Glass is a misfire, and it’s the kind of depressing misfire that hurts even more given what it could have been.
Alfred Hitchcock's “Notorious” is the most elegant expression of the master's visual style, just as “Vertigo” is the fullest expression of his obsessions. It contains some of the most effective camera shots in his--or anyone’s--work, and they all lead to the great final passages in which two men find out how very wrong they both were.
This is the film, with “Casablanca,” that assures Ingrid Bergman’s immortality. She plays a woman whose notorious reputation encourages U.S. agents to recruit her to spy on Nazis in postwar Rio. And that reputation nearly gets her killed, when the man she loves mistrusts her. His misunderstanding is at the center of a plot in which all of the pieces come together with perfect precision, so that two people walk down a staircase to their freedom, and a third person climbs steps to his doom.
Hitchcock made the film in 1946, when the war was over but the Cold War was just beginning. A few months later, he would have made the villains Communists, but as he and Ben Hecht worked on the script, Nazis were still uppermost in their minds. (An opening subtitle says: “Miami, Florida, 3:20 p.m., April 20, 1946”--admirably specific, but as unnecessary as the similarly detailed information at the beginning of “Psycho.")
The story stars Bergman as a patriotic American named Alicia Huberman, whose father is a convicted Nazi spy. Alicia is known for drinking and apparent promiscuity, and is recruited by an agent named Devlin (Cary Grant) to fly to Rio and insinuate herself into the household of a spy ring led by Sebastian (Claude Rains). Sebastian once loved her, and perhaps he still does; Devlin is essentially asking her to share the spy's bed to discover his secrets. And this she is willing to do, because by the time he asks her, she is in love--with Devlin.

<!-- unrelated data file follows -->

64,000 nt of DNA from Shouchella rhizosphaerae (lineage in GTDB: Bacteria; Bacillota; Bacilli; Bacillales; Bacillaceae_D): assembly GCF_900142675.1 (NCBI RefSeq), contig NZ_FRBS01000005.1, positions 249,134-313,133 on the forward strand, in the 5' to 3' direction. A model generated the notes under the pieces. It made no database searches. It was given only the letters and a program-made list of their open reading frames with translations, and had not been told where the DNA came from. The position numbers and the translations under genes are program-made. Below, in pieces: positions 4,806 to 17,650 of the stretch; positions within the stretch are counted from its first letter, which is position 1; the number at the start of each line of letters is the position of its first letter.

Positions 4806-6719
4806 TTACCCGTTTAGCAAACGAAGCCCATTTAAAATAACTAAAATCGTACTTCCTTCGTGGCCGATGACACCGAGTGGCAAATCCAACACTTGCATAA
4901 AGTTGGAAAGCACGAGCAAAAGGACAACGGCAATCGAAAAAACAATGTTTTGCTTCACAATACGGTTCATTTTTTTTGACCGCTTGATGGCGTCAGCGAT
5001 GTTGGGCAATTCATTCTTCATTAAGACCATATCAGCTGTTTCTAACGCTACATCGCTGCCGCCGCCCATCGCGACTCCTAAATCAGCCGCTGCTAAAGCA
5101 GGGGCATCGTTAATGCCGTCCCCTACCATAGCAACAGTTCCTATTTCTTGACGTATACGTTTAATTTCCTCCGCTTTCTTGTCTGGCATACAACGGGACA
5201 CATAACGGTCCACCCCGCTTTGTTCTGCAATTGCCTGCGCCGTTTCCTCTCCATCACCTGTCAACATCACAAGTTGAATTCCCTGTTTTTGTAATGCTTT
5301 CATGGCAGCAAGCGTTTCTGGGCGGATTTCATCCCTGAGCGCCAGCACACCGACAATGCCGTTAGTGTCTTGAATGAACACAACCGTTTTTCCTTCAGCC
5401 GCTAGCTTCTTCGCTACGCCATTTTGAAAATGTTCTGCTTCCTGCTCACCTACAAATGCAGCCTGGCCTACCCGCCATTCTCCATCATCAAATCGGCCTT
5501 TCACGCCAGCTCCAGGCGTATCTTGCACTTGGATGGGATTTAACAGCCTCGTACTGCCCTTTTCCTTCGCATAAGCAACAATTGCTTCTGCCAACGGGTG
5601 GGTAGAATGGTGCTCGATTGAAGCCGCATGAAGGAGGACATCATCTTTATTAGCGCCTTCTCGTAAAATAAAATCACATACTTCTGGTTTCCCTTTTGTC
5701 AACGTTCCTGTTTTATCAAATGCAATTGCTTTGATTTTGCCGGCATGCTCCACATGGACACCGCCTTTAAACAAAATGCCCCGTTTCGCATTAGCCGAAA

All of these sexual arrangements are of course handled with the sort of subtle dialogue and innuendo that Hollywood used to get around the production code. There is never a moment when improper behavior is actually stated or shown, but the film leaves no doubt. By the time all of the pieces are in place, we actually feel more sympathy for Sebastian than for Devlin. He may be a spy but he loves Alicia sincerely, while Devlin may be an American agent but has used Alicia's love to force her into the arms of another man.
Hitchcock was known for his attention to visual details. He drew storyboards of every scene before shooting it, and slyly plays against Grant’s star power in the scene introducing Devlin to the movie. At a party the night her father has been convicted, Alicia drinks to forget. The camera positions itself behind the seated Devlin, so we see only the back of his head. He anchors the shot as the camera moves left and right, following the morally ambiguous Alicia as she flirts, drinks and tries to forget.
There are more famous shots the next morning. Alicia awakens with a hangover, and there is a gigantic foreground closeup of a glass of Alka-Seltzer (it will be paired much later in the movie with a huge foreground coffee cup that we know contains arsenic). From her point of view, she sees Devlin in the doorway, backlit and upside down. As she sits up, he rotates 180degrees. He suggests a spy deal. She refuses, talking of her plans to take a cruise. He plays a secret recording that proves she is, after all, patriotic--despite her loose image. As the recording begins, she is in shadow. As it continues, she is in bars of light. As it ends, she is in full light. Hitchcock has choreographed the visuals so that they precisely reflect what is happening.